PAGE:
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Daniel Dennett is an American philosopher and author whose groundbreaking work in the philosophy of mind, philosophy of science, and philosophy of biology, notably in the areas relating to evolutionary biology and cognitive science, has generated considerable interest throughout the globe. He was raised in Boston, Massachusetts, and was first exposed to philosophy when he was 11 years old. Since then, he has been drawn to the topic and has continued his education in it. He earned his doctorate in philosophy in 1965 and began teaching at UC Irvine shortly after. He later assumed the role of University Professor at the University of Tufts, a position he has held ever since. Additionally, he holds the position of Austin B. Fletcher Professor of Philosophy and co-director of the Centre for Cognitive Studies. He is regarded as one of the Four Horsemen of New Atheism and an outspoken atheist. He also serves on the advisory board of the Secular Coalition for America.

Early Childhood & Life

In Boston, Massachusetts, Daniel Dennett was born to Ruth Marjorie and Daniel Clement Dennett Jr.
The majority of young Dennett’s childhood was spent in Lebanon, where his father was a covert counterintelligence agent for the Office of Strategic Services, posing as a cultural attache at the American Embassy.

He moved back to Massachusetts when he was five years old after his father perished in an unknown plane crash. He first learned about philosophy when he was 11 years old, at a summer camp.
After attending Philips Exeter Academy, he enrolled at Wesleyan University for one year. He graduated from Harvard University with a Bachelor of Arts in philosophy in 1963.

He attended at Oxford University after completing his graduate work to continue his studies there under Gilbert Ryle. He graduated in 1965 with a doctorate in philosophy. He belonged to the university’s Hertford College while he was a student.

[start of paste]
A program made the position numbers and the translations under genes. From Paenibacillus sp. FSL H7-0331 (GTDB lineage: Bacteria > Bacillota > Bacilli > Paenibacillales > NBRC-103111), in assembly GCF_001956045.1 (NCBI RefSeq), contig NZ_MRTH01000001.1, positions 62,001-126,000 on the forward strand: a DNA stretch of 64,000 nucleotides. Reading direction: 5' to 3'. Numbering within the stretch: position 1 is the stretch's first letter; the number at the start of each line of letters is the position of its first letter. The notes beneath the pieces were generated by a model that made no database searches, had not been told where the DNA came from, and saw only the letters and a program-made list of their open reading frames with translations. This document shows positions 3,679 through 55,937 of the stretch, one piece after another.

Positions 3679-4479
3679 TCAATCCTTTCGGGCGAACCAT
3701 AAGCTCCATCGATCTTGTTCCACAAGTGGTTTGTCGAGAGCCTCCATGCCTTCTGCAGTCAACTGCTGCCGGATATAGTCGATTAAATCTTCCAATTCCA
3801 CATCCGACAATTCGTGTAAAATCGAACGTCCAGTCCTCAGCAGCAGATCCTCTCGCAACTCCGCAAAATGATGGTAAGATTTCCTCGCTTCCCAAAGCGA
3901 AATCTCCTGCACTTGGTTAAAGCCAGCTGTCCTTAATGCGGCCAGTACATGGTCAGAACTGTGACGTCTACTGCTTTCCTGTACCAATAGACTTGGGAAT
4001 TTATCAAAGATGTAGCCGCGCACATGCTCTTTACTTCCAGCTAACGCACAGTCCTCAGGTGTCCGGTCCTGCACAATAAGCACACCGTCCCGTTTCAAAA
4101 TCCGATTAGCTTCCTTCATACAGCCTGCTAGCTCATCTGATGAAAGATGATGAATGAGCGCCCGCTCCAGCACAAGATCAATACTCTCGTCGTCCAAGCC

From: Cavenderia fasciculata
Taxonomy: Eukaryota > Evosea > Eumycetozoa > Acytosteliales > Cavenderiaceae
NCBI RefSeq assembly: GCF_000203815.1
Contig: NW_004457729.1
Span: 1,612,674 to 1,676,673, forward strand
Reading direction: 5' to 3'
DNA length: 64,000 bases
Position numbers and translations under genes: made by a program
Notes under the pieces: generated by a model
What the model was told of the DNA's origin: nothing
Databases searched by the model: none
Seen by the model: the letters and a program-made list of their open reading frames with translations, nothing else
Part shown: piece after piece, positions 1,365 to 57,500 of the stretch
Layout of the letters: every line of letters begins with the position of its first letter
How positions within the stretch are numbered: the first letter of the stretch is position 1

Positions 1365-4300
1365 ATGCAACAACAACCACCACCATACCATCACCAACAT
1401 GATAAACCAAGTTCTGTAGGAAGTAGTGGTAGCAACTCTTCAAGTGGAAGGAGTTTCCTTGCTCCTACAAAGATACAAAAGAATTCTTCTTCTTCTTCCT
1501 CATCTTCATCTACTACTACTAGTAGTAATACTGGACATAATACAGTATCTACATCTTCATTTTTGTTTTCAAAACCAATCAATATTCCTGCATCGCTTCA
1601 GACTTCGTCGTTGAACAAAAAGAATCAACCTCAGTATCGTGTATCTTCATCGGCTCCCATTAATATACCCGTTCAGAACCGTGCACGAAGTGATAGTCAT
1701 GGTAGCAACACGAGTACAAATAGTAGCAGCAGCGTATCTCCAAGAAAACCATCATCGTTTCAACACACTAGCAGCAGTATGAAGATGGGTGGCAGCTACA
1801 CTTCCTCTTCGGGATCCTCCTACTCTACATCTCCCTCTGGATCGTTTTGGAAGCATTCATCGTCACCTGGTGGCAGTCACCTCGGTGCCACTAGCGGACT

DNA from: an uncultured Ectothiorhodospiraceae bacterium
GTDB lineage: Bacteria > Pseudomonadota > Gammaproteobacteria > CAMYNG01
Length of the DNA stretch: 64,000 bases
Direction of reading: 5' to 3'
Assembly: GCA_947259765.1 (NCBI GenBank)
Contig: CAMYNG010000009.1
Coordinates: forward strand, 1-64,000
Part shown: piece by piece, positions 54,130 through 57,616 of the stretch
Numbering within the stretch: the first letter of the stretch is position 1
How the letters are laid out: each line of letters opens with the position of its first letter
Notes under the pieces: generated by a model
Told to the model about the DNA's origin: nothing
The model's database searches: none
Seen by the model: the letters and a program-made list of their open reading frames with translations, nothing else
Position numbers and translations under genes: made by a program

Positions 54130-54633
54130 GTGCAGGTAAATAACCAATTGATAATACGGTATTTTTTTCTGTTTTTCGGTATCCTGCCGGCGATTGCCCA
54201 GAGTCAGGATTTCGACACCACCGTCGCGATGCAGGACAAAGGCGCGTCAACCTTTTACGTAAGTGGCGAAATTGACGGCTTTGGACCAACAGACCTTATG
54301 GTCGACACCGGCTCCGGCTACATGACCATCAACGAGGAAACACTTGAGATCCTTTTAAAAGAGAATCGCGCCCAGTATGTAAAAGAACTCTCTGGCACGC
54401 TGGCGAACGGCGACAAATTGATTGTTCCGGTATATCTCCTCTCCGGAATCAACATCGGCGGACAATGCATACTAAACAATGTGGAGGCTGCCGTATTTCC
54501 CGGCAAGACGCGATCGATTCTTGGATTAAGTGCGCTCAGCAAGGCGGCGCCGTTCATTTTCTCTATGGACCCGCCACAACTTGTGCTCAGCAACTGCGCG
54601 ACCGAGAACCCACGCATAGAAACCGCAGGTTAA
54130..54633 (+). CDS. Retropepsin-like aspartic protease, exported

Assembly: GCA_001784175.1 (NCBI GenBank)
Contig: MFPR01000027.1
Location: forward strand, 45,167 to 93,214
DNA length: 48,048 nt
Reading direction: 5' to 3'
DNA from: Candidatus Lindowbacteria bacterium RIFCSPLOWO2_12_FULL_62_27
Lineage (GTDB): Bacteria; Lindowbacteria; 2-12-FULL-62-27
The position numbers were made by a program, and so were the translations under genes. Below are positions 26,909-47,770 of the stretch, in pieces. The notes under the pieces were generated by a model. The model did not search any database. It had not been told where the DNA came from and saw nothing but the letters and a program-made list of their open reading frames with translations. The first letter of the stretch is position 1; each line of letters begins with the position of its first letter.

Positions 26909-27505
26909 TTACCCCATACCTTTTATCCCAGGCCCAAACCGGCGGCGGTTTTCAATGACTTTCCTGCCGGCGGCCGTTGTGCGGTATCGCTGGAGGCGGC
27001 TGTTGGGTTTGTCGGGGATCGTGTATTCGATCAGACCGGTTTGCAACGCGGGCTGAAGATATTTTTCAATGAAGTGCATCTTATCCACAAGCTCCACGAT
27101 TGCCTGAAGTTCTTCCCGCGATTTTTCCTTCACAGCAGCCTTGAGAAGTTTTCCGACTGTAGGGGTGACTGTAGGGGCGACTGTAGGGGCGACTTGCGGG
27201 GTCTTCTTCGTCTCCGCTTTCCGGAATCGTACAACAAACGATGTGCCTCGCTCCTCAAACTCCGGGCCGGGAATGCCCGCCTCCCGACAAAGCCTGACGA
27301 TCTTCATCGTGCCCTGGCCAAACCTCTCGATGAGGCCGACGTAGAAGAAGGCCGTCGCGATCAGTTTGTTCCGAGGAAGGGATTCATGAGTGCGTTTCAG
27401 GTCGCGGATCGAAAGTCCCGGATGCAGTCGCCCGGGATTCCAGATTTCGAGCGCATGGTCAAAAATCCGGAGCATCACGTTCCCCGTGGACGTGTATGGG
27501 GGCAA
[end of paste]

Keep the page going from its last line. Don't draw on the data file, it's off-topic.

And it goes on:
Career of Daniel Dennett

He began teaching at UC Irvine for six years, from 1965 to 1971, after receiving his doctorate. After then, he relocated to the University of Tufts, where he has been a Professor ever since.

He is also the Austin B. Fletcher Professor of Philosophy and co-director of the Center for Cognitive Studies.
He produced a number of works while continuing to teach, the first of which being “Brainstorms: Philosophical Essays on Mind and Psychology.” The book, which was published in 1978, discusses artificial intelligence and builds on it to establish his theories about consciousness.

The works “The Mind’s I: Fantasies and Reflection on Self and Soul” and “Elbow Room: The Varieties of Free Will Worth Wanting” followed this, both of which were created by him. The latter addressed determinism and free will-related philosophical difficulties.

He created the phrase “intentional posture” to express the amount of abstraction and mental qualities that we see regarding the behavior of things when working on the philosophical theories relating to mind, biology, and science. He developed the physical posture, design stance, and purposeful stance as three levels of abstraction.